I was at a sales leader networking event tonight. During happy hour everyone was shocked when I said that I love cold calling. Their shock surprised me. I know it’s not a popular activity but you had to think some of these people would at least have some fond memories of cold calling. All I got was strange looks and people taking a step back. You’d think I was talking about the plague.
This caused me to reflect on a simple idea. Why do I love cold calling?
The answer is not what you probably think. It has nothing to do with the ability to generate opportunities, the money, or beating yourself on the chest for being awesome. As an aside I hate that metaphor for salespeople. Most of us don’t act like cavemen.
Here’s why I love cold calling:
- I like to think about the person and where they are located based on the area code / country code and researching their background. I form a mental picture of what they are like. This gives me the opportunity to use my imagination in a different way than I do in the rest of my life. I make up these stories about the people that are on my calling list. It makes my prospects familiar like I know them. After all the entire point of cold calling is that you will eventually know them. Some of my best friendships started via cold calls (Bob Perkins). Cold calling gives me the opportunity to escape time and space. When I dial into these different places I mentally travel there. No other jobs I know of allow you this freedom.
- I have absolutely no business talking to 99% of the people I connect with when I cold call. There is no other profession on the planet that allows you to interact with so many people that are outside of your social class, intelligent level, academic level, or income level. When I first started cold calling I would take two hour “executive lunches.” David Stillman and I would get the prefix McCormick & Schmick’s lunch special for 20 bucks and a shoe shine. I told my boss Brighid O’Donnell at CEB (now Gartner), “If you want to sell to executives you have to act like an executive.” Of course the example is ridiculous but there is some truth in the statement. If you believe you are a peer, you are a peer. The illusion becomes reality.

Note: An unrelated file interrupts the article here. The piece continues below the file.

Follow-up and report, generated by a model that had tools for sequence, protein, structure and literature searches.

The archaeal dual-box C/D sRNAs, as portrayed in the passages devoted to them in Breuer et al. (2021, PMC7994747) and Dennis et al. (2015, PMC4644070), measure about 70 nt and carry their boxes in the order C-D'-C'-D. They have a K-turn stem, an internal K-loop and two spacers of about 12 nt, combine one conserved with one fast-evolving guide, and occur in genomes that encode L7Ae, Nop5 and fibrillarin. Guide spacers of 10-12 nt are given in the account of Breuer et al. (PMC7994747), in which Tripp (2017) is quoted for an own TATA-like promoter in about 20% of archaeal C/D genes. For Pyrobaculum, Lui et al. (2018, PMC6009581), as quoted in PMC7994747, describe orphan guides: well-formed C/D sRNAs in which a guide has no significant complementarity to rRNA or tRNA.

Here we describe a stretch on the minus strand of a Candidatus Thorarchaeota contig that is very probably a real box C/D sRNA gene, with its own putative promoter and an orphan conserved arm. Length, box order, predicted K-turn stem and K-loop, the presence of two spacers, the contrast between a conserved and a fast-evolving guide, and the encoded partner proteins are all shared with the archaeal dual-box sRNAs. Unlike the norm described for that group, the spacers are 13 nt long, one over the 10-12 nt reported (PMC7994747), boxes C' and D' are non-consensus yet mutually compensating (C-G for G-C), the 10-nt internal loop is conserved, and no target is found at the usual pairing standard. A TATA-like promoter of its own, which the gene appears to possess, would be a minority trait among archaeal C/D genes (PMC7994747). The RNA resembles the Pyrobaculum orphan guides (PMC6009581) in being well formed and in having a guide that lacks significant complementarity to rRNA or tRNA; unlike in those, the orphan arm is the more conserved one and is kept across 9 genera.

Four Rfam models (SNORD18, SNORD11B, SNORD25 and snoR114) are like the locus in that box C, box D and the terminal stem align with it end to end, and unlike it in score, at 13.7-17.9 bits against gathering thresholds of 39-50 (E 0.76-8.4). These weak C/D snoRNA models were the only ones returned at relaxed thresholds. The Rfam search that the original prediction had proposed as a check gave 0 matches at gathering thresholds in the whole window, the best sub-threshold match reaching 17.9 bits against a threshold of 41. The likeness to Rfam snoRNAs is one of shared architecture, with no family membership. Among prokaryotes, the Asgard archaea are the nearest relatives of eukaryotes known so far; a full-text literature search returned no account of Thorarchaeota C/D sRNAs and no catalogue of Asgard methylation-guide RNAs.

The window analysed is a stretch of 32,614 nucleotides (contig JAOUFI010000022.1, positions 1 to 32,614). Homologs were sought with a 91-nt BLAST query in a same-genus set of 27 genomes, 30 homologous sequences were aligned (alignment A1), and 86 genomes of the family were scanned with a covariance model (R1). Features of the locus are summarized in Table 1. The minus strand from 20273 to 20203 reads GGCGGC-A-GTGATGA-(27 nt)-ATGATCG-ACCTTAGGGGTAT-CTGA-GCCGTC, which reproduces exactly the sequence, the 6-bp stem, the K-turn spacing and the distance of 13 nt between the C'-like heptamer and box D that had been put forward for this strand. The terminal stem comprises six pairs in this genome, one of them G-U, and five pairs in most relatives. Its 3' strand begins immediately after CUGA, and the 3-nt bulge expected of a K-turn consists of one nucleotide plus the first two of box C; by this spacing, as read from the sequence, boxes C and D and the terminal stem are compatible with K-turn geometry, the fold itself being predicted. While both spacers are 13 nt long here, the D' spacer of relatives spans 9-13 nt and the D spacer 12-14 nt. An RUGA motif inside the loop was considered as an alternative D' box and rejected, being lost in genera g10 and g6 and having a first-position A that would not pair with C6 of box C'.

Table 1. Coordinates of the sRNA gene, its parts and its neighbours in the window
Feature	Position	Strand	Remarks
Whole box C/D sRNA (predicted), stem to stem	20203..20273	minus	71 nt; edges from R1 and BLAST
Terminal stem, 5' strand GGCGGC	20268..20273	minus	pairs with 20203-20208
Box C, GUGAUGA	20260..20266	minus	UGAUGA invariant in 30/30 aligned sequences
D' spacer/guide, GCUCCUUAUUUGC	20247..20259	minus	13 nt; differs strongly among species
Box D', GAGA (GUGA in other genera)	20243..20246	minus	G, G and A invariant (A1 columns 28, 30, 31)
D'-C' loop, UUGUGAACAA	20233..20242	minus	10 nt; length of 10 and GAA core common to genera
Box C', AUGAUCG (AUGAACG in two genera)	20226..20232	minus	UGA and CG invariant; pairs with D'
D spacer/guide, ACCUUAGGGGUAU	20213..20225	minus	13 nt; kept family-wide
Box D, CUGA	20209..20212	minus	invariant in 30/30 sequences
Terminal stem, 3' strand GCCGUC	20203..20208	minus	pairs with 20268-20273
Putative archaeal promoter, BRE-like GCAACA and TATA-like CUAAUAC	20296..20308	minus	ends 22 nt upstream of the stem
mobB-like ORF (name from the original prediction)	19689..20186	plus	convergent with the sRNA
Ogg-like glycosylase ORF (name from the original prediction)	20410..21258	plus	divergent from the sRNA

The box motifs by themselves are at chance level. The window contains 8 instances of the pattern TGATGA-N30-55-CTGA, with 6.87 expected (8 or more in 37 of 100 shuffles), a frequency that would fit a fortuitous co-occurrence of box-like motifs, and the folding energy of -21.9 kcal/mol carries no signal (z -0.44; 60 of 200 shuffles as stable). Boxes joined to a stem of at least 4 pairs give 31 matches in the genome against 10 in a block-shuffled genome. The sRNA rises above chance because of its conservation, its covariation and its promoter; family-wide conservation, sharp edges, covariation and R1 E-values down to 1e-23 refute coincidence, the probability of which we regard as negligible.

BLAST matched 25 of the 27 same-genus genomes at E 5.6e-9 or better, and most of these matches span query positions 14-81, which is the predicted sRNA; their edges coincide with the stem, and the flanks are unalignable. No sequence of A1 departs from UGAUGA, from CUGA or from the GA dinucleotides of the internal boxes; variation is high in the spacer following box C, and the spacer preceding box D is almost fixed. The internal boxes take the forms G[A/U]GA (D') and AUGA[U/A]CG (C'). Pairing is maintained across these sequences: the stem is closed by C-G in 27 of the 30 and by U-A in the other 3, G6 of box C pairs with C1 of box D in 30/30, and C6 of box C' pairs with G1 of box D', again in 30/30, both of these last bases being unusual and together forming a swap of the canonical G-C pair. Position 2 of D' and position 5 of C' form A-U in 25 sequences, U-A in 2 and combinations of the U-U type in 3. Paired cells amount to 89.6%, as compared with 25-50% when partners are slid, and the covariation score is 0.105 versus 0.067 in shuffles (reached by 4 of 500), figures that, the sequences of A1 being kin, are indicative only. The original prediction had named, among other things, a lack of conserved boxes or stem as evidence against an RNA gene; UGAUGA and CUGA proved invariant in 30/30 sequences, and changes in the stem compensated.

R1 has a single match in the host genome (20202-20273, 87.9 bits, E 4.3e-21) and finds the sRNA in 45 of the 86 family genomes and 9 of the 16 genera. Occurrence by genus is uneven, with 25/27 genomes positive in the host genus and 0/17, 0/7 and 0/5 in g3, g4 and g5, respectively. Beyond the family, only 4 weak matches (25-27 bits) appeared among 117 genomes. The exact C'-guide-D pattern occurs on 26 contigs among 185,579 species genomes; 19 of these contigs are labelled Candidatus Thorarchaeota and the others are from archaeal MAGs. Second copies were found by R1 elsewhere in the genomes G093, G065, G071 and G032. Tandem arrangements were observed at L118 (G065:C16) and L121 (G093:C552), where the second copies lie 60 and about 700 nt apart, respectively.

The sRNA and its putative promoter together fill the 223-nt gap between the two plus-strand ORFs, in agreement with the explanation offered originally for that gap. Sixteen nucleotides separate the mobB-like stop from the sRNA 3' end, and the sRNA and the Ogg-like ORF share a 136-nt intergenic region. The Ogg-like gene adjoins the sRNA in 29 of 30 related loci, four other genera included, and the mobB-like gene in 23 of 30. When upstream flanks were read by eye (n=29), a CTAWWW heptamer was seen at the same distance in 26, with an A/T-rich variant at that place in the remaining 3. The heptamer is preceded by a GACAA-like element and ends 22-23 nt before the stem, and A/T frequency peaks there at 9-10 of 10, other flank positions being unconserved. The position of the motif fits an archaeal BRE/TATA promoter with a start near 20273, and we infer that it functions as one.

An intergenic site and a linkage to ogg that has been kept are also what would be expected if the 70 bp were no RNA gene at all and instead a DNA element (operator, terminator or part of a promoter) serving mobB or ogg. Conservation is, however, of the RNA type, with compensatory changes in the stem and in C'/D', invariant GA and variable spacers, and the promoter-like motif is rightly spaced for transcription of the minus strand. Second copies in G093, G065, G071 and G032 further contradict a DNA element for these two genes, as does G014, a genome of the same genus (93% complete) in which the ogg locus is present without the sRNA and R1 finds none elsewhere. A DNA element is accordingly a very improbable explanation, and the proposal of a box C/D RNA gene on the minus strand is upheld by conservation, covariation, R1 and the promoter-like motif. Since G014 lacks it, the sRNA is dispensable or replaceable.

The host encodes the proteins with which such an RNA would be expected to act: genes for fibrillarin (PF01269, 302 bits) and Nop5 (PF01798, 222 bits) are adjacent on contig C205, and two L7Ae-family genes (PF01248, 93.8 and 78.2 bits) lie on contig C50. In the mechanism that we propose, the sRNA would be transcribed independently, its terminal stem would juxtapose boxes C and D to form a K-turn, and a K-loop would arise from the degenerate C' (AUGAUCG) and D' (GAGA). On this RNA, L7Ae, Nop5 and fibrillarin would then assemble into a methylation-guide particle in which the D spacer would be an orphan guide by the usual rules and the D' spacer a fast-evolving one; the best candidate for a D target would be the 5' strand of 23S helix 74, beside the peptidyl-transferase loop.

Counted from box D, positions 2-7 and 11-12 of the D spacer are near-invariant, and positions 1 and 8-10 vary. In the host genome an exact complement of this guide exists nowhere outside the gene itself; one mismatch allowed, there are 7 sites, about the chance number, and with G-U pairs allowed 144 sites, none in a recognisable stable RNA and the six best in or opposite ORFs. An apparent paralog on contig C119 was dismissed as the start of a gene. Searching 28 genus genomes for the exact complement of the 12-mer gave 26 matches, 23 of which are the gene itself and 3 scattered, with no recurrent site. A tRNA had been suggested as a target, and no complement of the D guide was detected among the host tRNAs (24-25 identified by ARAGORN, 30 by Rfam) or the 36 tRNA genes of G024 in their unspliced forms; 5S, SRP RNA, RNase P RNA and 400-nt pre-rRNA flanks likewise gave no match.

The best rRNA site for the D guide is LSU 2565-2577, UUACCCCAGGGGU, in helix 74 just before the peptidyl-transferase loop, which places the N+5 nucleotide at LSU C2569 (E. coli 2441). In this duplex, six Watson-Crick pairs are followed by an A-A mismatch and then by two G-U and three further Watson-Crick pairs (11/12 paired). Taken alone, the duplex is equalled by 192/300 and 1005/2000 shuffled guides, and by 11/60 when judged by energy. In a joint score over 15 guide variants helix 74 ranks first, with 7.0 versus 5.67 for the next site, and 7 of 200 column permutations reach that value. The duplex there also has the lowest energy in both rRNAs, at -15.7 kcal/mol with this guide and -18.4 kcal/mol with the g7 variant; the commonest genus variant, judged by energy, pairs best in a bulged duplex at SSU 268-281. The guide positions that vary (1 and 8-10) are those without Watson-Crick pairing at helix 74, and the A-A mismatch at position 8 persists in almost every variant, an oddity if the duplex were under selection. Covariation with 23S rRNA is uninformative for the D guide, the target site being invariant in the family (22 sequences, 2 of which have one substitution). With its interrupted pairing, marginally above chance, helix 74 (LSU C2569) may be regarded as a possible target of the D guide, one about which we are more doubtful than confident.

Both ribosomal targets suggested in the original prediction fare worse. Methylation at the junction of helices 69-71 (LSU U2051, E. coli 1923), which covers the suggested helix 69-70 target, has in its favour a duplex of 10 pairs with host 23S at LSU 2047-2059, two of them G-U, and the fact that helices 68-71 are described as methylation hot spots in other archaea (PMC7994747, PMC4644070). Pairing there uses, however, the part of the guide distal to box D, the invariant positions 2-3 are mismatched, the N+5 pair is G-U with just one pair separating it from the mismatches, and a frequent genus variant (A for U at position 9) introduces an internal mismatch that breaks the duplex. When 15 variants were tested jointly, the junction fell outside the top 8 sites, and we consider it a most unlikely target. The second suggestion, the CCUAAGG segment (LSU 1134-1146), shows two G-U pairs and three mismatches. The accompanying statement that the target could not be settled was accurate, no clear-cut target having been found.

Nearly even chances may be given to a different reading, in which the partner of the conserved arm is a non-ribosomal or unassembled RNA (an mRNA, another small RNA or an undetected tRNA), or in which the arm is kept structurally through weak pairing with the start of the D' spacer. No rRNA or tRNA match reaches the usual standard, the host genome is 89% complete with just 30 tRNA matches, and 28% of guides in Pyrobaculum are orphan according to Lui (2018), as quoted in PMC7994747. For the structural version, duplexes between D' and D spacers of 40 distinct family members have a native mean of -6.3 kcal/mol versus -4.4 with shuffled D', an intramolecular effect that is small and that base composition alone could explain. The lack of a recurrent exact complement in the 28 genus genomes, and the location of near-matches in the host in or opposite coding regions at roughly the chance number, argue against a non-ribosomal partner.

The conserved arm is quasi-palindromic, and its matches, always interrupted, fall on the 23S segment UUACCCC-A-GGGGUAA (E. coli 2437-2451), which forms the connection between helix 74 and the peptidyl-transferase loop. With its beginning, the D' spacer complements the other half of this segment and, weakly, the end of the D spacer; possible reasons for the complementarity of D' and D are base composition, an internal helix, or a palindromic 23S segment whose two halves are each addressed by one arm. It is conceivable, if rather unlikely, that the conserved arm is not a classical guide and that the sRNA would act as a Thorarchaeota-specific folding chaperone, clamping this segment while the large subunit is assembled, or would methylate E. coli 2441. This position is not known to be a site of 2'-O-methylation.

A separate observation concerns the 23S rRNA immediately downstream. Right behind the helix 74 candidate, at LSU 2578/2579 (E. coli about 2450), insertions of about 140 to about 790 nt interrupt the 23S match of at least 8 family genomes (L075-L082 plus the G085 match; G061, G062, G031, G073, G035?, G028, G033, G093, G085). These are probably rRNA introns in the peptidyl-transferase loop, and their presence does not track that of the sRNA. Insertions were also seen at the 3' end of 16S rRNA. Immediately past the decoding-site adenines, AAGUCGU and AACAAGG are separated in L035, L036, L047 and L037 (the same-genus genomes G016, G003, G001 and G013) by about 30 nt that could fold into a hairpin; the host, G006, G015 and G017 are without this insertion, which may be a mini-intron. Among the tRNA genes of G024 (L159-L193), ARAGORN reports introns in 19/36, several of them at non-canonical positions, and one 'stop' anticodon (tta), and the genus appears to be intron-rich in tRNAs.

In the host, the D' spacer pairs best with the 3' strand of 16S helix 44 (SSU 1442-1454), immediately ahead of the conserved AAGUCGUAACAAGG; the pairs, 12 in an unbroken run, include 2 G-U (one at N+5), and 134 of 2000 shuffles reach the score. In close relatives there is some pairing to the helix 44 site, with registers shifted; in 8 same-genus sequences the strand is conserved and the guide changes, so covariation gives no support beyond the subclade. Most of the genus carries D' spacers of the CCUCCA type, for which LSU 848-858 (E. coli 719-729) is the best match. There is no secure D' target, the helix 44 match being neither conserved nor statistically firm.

- Cold calling is the most incredible puzzle you ever have to solve. It’s a game. It’s a treasure hunt. There are gatekeepers who block you that you have to outsmart. There are cell phone numbers to collect from people who say things like, “I shouldn’t be giving this to you but…” There are other people cold calling the same executive selling similar stuff that you need to out-maneuver. There’s an amazing amount of strategy as well as tactics. In short, it’s fun.
- The learning curve is steep but the time to move up it can be very short if you will yourself to do it. When I first started cold calling I had no talent and almost got fired. Rather than giving up, I got to work. At the time I had $60,000 in student loans to pay off. I rolled up my sleeves and shadowed all of the best people to learn their secrets. I copied them. Before long I was #1 of 100 people doing the sales development job at CEB. Paradoxically my success had absolutely nothing to do with me. I was just a conduit for channeling the best thinking of 100 other people. I documented everything they did in my little notebook and used it in my own prospecting. If anything call me a parrot. Why don’t more people learn from each other on how to be great at cold calling? Seems like an obvious thing to do.
- It doesn’t matter who you are when you cold call. All that matters is how well you play the game. It’s a great equalizer. I know people who were previously down on their luck – down to their last dime – and they became very successful cold calling. My friend Chris Corcoran describes cold calling as ‘the best kept secret for recent college graduates to discover.’ Who knew that you could earn a good living without being a doctor or lawyer just by learning how to pick up the phone and talk to people? It’s a profession that people stumble upon from all different walks of life. Cold calling finds you; you don’t find it. I love anything that is completely democratic and absolutely entrepreneurial. Cold calling doesn’t care what you look like, your gender, where you came from, who your parents are, or what religion you are. Cold calling doesn’t care what you sound like, what you act like, what sort of mistakes you made in your life up until that point. All it cares about is if you’re smart enough, stubborn enough, clever enough, hungry enough, resourceful enough, and persistent enough to crack the code.
The vast majority of people don’t ever crack the cold calling code.
But for the rare person who does become successful and enjoys cold calling, I salute you. I’ll buy you a cocktail next time I see you and we can talk about how much we love cold calling.
Why do you love cold calling? Write a quick comment below if you love (even a little bit) making cold calls.